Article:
Rhus trilobata (aromatica) is very drought tolerant.  However, it looks (and produces) best with occasional summer water.  Let the soils dry out between watering, then give the shrub a deep, slow soaking.  In many areas of the West, this plant experiences occasional summer rains. 

Sourberry (Rhus trilobata/Rhus aromatica) - young plant
 
Sourberry (Rhus trilobata/Rhus aromatica) - mature plant

While Rhus trilobata (aromatica) develops a nice natural shape over time, the best-shaped shrubs are given a yearly pruning to stimulate fullness.  Branches should be pruned back by ¼ to 1/3 of their length in fall (after leaves fall) or early winter.  This pruning simulates the animal browsing that shrubs experience in the wild.  Some individuals are mildly sensitive to chemicals produced by the foliage of plants in this genus.   We suggest wearing long sleeves and gloves when pruning (at least until you know you’re not affected).  Wash hands/arms after handling the foliage.

If you desire straight stems for basket-making or other crafts, you’ll need to cut some or all of the stems back to the ground in early winter (coppice).   While native traditions involve cutting or burning an entire stand every few years, we wonder if just cutting back 1/3 of the oldest stems might not work as well.  We’ll try this and report back.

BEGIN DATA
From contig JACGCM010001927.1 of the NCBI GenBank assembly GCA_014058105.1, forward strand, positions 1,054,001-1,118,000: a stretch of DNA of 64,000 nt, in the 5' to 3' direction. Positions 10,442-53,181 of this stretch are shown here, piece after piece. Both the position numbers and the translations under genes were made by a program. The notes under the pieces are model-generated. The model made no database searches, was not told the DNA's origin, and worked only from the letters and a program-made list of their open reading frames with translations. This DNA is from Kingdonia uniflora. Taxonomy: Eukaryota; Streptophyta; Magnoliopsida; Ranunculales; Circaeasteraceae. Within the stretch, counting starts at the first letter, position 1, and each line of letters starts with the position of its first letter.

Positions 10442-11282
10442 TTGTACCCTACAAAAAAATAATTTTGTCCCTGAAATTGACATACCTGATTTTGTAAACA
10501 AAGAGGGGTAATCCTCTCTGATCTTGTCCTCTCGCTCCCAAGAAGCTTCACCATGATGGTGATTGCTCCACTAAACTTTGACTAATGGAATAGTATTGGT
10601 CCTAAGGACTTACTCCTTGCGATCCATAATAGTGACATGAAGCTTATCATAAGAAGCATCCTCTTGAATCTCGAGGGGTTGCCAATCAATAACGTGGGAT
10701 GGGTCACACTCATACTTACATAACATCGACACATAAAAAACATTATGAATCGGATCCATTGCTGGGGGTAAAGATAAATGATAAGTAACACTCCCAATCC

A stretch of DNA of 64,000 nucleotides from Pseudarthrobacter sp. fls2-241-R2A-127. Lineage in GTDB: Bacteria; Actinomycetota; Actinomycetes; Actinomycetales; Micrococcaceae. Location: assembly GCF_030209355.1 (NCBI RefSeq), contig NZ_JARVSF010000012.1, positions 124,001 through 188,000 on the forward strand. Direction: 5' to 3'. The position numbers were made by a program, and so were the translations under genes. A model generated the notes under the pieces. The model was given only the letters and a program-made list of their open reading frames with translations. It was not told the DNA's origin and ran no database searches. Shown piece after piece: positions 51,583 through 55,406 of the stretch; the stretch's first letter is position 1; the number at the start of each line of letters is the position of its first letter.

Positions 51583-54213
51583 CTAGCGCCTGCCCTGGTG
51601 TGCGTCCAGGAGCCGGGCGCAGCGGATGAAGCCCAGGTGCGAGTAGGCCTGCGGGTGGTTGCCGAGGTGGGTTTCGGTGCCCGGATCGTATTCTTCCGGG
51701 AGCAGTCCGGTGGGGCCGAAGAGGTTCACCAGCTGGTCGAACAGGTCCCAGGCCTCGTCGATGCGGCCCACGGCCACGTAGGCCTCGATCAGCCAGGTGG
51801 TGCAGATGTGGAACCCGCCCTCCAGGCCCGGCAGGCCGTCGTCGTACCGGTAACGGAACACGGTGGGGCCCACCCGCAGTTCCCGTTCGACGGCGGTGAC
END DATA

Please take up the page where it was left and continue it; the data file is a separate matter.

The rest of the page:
Sourberry (Rhus trilobata/Rhus aromatica) - rest stop
 planting, Utah
 
Sourberry is often used as a large shrub, either shaped or natural, in garden plantings. It contributes to the woodsy, natural look that some gardeners prize.  It can also be used as a hedge plant, remembering that it is winter-deciduous.  It does well on slopes, often getting by with little supplemental summer water once established. It is widely used for erosion control on slopes and in riparian areas. And Rhus trilobata (aromatica) is becoming more common in commercial plantings, due to its drought tolerance and low maintenance.

Sourberry can be grown in a large container – even used as a bonsai plant.  The lower-growing forms are useful as a woody groundcover under trees.  The cultivars ‘Autumn Amber’ and ‘Gro-low’, which are available commercially, grows less than 2 ft. tall, and are popular as groundcovers.

Sourberry (Rhus trilobata/Rhus aromatica) - used as ground
cover. Rancho Santa Ana Botanic Garden, Claremont, CA.
 

Of the many shrubs planted in S. California gardens, Rhus trilobata (aromatica) has some distinct advantages.  First, it is a great habitat plant.  Its size, many small flowers, dense foliage and edible fruits make this a good choice for bird and insect habitat.  If you don’t use the fruits yourself, don’t worry; plenty of fruit-eating birds will be glad to remedy the situation.

If you are a basket-maker, planting Rhus trilobata (aromatica) insures a ready source of the straight stems needed for your craft. [2]  This has always been an important basketry plant, wherever it grows.  If you need it for your craft, grow it.